Using Coffee Sediment to Purify Water, an Active Research at the Nanotechnology Laboratory

This by Deilyn Ureña, CeNAT-Conare 2020 Graduate Scholarship Winner

Deilyn Ureña, an Environmental Engineering student at the Tecnológico de Costa Rica (TEC), was awarded the CeNAT-Conare 2020 scholarship. The young woman who is from San Vito, Coto Brus, will have the opportunity to carry out her research project at the National Nanotechnology Laboratory (Lanotec), which is part of the National Center for High Technology (CeNAT).

Ureña obtained this award thanks to her proposal on using coffee bozorola (sediment) in the treatment of drinking water, specifically in filters, for the elimination of contaminants found in water.

The contest consisted of students from the state universities integrated to the National Council of Rectors (Conare), who are close to developing their graduation project or some high-tech research and submit their proposals.

The projects should also be related to CeNAT’s areas of work: geomatics, biotechnology, nanotechnology, new materials, advanced computing, and environmental management (climate change and food security, among others).

With this scholarship, the student will have access to the laboratory and will be able to use the Lanotec equipment, and will also have the support and advice of Dr. Diego Batista Menezes, an expert in this high-tech laboratory.

She will also receive financial compensation, which will allow the purchase reagents, materials, food, and also transportation; so that she can carry out your research.

For the student, the news of having received the scholarship was very gratifying. “Having access to this laboratory and having the support of highly experienced

Professionals, is a great guide to this research process,” said Deilyn Ureña, student of Environmental Engineering at TEC

Also, says Ureña, this award is a good way to publicize the Environmental Engineering degree, which is relatively new in the country and is still in the process of opening spaces in the labor market.

As highlighted by the National Nanotechnology Laboratory site, it works with state-of-the-art engineering in the study of advanced materials for research, design, and training, in technologies associated with microtechnology, nanotechnology, and materials science. It provides its services for different types of industries such as medical, materials, polymers, microbiology, geophysics, and space exploration, among others.

Also, it seeks the development of technologies that allow the improvement of products and processes in the industrial sector, which help to reduce the gap in nanotechnology between developed and developing countries.

Environmental benefits

For Ureña, this research gives her great satisfaction because she will be able to contribute to the quality of drinking water in Costa Rica. But what is the proposal about? Ureña’s research will study the qualities of coffee bozorola, to create a low-cost filter that is capable of adsorbing contaminants found in drinking water and thus preventing many diseases in humans.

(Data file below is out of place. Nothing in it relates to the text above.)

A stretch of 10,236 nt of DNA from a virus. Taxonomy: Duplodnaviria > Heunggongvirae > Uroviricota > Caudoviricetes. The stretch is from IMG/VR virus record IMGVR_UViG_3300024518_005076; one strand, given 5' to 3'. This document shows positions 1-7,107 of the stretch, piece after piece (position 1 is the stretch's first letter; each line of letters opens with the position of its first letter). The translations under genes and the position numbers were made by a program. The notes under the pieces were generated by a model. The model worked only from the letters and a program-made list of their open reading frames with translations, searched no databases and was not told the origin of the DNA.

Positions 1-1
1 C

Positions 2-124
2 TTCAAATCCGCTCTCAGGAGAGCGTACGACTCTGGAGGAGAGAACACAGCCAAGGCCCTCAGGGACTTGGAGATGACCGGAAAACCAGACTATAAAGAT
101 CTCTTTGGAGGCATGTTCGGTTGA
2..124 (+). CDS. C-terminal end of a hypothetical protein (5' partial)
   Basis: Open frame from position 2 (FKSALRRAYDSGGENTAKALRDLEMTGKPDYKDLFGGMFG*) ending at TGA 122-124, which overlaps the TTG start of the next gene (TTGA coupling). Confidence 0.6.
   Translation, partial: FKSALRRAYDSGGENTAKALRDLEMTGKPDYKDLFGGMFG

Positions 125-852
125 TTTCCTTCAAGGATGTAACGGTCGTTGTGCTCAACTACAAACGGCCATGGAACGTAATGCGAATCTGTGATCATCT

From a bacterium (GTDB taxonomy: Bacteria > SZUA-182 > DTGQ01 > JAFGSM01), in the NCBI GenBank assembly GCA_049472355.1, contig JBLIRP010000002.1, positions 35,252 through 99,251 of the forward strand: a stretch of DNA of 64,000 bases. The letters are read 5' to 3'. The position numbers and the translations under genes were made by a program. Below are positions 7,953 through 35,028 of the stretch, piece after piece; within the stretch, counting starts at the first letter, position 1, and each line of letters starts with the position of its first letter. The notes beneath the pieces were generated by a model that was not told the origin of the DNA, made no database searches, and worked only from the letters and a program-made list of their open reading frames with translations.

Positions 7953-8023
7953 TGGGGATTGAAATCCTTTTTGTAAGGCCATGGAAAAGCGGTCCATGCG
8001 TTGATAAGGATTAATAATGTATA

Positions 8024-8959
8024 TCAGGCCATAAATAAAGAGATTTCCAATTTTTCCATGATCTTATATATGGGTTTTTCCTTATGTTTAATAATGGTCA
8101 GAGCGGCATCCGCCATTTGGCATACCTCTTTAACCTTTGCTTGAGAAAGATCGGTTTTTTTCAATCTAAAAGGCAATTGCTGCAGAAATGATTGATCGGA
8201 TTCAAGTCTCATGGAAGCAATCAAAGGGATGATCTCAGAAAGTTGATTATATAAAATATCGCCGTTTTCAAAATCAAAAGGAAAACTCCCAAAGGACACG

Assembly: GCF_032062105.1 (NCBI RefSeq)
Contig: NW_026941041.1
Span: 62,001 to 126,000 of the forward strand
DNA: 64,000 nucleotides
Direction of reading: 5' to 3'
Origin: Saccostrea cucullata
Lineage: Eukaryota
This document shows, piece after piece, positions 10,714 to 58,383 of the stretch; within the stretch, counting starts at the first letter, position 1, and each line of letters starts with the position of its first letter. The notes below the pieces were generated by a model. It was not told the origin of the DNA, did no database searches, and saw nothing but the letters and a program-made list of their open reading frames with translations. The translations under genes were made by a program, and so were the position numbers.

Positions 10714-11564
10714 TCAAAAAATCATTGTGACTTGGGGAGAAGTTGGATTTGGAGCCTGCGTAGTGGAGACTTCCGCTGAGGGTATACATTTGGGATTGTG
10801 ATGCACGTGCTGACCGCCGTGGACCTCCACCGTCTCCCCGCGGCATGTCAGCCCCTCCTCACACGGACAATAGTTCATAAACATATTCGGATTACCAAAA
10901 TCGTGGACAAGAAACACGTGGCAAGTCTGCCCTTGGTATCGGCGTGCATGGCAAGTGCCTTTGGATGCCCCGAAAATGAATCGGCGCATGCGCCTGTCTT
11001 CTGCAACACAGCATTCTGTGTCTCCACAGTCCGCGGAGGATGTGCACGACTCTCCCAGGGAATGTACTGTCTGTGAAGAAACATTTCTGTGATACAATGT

The young woman wants her initiative to replace filters based on activated carbon (wood or coconut), since to achieve carbon activation it must be produced at high temperatures, generally in the presence of steam, carbon dioxide or air.

During the research, the student will carry out adsorption experiments and will contact companies related to coffee, to seek data on coffee consumption in Costa Rica about the different varieties available.

Regarding the types of coffee, the young student must classify them by roasting, and with this, she will know the temperature with which the coffee was made. Once the analyzes have been carried out, Ureña will compare its results with those of activated carbon. According to Ureña, the project has a very important focus in the context of a circular economy, since coffee bozorola is produced in large volumes in our country as a by-product.

“It is estimated that for every kilogram of ground coffee processed for the preparation of this drink, two kilograms of waste is generated, thus, and according to the internal consumption of Costa Rica, each year about 46,000 tons are generated of this waste, whose final disposal is in landfills or directly in water sources, which has a high environmental impact,” said the student.

For his part, Dr. Luis Guillermo Romero, who is a tutor in the Ureña research, states that he is very proud of Deilyn and that this research will be a great challenge and will bring positive results in the environmental field.

Resonance Costa Rica
VIAGuillermo Agudelo
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